By the 1990s, science demonstrated the value of national forest areas where roads had not yet penetrated. They contain some of the best remaining old-growth ecosystems, home to rare spotted owls, salmon and other endangered species. Existing laws protected less than half the roadless areas not in congressionally designated wilderness. Even those protections seemed tenuous, given the timber industry's political power and appetite.

National environmental groups couldn't persuade Congress to pass a law protecting roadless forest in general, and passing a single wilderness bill can take years of frustrating politicking. During the long negotiations, bulldozers often cut new roads through potential wilderness areas, taking them out of the running for strong protection. Roads also bring in weeds, wildlife-stressing traffic and other impacts. Small groups of forest activists protested by chaining themselves to heavy equipment and obstructing loggers in the woods.

That atmosphere of desperation led to the campaign for a large-scale roadless-forest rule. Leaders say it emerged organically, not through any conspiracy. But they agree that three forces provided traction in late 1997: President Clinton pushed the Forest Service to invent some means of protecting roadless areas. The Philadelphia-based Pew Charitable Trusts, reportedly the biggest funder of environmental groups, launched the Heritage Forests Campaign to rally public support. And many other groups were ready to join the effort.

"The name (of the campaign) was chosen after testing several variations on focus groups," reports Turner. " 'Heritage' (is) an attractive and relatively neutral word."

During the next three years, while the Clinton administration developed the roadless-forest rule, Pew and other foundations pumped about $10 million into environmental groups for protection of roadless forest, according to congressional testimony. The Heritage Forests Campaign was a kind of headquarters; from its base within the National Audubon Society in Washington, D.C., it used about $3.5 million to contract with other groups such as The Wilderness Society for their expertise in political campaigns and environmental regulations.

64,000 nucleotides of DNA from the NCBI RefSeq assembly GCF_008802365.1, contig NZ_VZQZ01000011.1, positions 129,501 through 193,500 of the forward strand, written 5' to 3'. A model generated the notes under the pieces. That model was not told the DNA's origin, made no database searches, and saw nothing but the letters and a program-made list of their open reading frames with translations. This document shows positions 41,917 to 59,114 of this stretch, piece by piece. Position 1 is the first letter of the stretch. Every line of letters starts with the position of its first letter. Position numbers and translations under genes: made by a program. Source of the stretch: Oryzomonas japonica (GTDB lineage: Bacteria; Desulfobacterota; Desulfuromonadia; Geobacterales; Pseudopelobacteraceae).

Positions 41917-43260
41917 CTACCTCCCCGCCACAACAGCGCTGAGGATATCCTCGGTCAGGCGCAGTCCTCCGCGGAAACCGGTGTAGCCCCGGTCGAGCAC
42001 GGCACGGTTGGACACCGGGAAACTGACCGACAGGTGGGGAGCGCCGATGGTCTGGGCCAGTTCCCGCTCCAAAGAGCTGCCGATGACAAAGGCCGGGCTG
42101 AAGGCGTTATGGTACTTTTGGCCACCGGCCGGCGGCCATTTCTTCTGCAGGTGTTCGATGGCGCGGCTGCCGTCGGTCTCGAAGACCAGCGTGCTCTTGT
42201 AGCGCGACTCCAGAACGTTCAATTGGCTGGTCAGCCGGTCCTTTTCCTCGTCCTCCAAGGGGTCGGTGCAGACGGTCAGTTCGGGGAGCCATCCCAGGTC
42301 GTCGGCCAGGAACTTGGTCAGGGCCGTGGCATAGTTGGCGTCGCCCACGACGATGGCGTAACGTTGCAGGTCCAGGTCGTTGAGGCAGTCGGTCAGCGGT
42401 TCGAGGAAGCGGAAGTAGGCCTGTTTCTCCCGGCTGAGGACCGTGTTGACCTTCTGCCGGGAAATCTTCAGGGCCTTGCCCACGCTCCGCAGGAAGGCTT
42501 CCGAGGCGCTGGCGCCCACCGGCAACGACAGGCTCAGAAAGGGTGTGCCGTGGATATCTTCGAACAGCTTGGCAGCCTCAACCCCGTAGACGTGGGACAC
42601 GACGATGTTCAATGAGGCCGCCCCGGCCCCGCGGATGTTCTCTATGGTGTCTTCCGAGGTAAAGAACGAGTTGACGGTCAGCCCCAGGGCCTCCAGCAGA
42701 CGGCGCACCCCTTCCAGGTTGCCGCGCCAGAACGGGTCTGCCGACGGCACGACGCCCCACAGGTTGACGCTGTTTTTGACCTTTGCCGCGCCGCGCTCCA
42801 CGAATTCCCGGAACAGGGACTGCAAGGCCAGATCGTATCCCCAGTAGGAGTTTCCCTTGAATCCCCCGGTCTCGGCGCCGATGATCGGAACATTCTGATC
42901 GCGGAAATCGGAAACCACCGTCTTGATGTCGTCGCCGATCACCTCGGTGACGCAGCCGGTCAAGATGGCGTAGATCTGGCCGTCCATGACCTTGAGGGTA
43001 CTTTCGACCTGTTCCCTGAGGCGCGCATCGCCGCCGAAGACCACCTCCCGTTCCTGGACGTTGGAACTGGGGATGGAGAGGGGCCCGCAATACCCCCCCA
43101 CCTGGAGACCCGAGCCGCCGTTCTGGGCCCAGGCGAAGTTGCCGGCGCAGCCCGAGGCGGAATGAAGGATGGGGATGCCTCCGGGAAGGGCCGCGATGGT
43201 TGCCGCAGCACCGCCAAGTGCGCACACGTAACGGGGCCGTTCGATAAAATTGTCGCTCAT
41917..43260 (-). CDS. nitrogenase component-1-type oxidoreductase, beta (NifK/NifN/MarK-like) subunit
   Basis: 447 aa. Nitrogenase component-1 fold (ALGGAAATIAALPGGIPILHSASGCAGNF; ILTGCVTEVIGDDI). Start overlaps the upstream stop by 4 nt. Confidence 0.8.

George Frampton, the head of The Wilderness Society from 1986 to 1993, became a key player. He was Clinton's top adviser on environmental policy from late 1998 to 2001, running the White House's Council on Environmental Quality. "When I got to CEQ, one of the first things I did was to have (roadless-forest protection) presented to the president: 'Let's go for this, a real protective rule, let's just protect all these wild places,' " Frampton says.

Ken Rait, who ran the Heritage Forests Campaign at the beginning, had many contacts in the Clinton administration through his previous work with the Southern Utah Wilderness Alliance and Oregon Natural Resources Council. Rait says he saw a "historic" opportunity to "craft a campaign where people could feel like part of a winning team," with an "upbeat" message and broad appeal. "Protection of wild places," he says, "is a motherhood and apple pie issue."

The huge effort was necessary because the environmentalists -- in both the campaign and the administration -- wanted more than just an executive order issued by Clinton. A Forest Service "administrative rule" would be harder for future presidents to change. Prodded by Clinton, the Forest Service announced its general intentions in October 1999. Then the agency spent 15 months on an environmental impact statement, including rounds of analysis and public comments. About 10,000 people commented in public hearings near the forests and far more than a million commented by mail, fax and e-mail.

"Wholesale and retail organizing" -- that's how Rait describes the campaign's strategy. The "wholesale" end used new Internet tools. The groups pooled their e-mail lists and sent out e-mail "blasts" to hundreds of thousands of activists, directing them to Web sites where they could click to generate boilerplate e-mail comments and "e-mail postcards" to the Clinton administration. They "pioneered new electronic tricks," Turner reports, "Internet banner ads, click-through ads on Yahoo, ads that people could send to their friends and colleagues (so-called viral ads)." Specialized tech companies and nonprofits did that work, including The Technology Project, based at the Rockefeller Family Fund in New York, and The Partnership Project, which The Turner Foundation launched in 1999 with a separate $5 million grant just to make groups' e-mail lists more effective.

The "retail" organizing dispatched activists to metro neighborhoods, malls and colleges, asking people to sign pre-printed postcards supporting the roadless rule. "We explained to people the importance of protecting roadless areas and got them to take the first step in political action," recalls Angela Storey, then a college student, who asked thousands of people in Washington state and the Boston area to sign postcards in 1999 and 2000. She says many who did had a "personal connection" with forests through recreation or living nearby. "For me, it was a really important campaign. I grew up in the Cascades and saw the increase in clear-cuts and roads, and I studied biology in college, learning about the massive changes in the environment."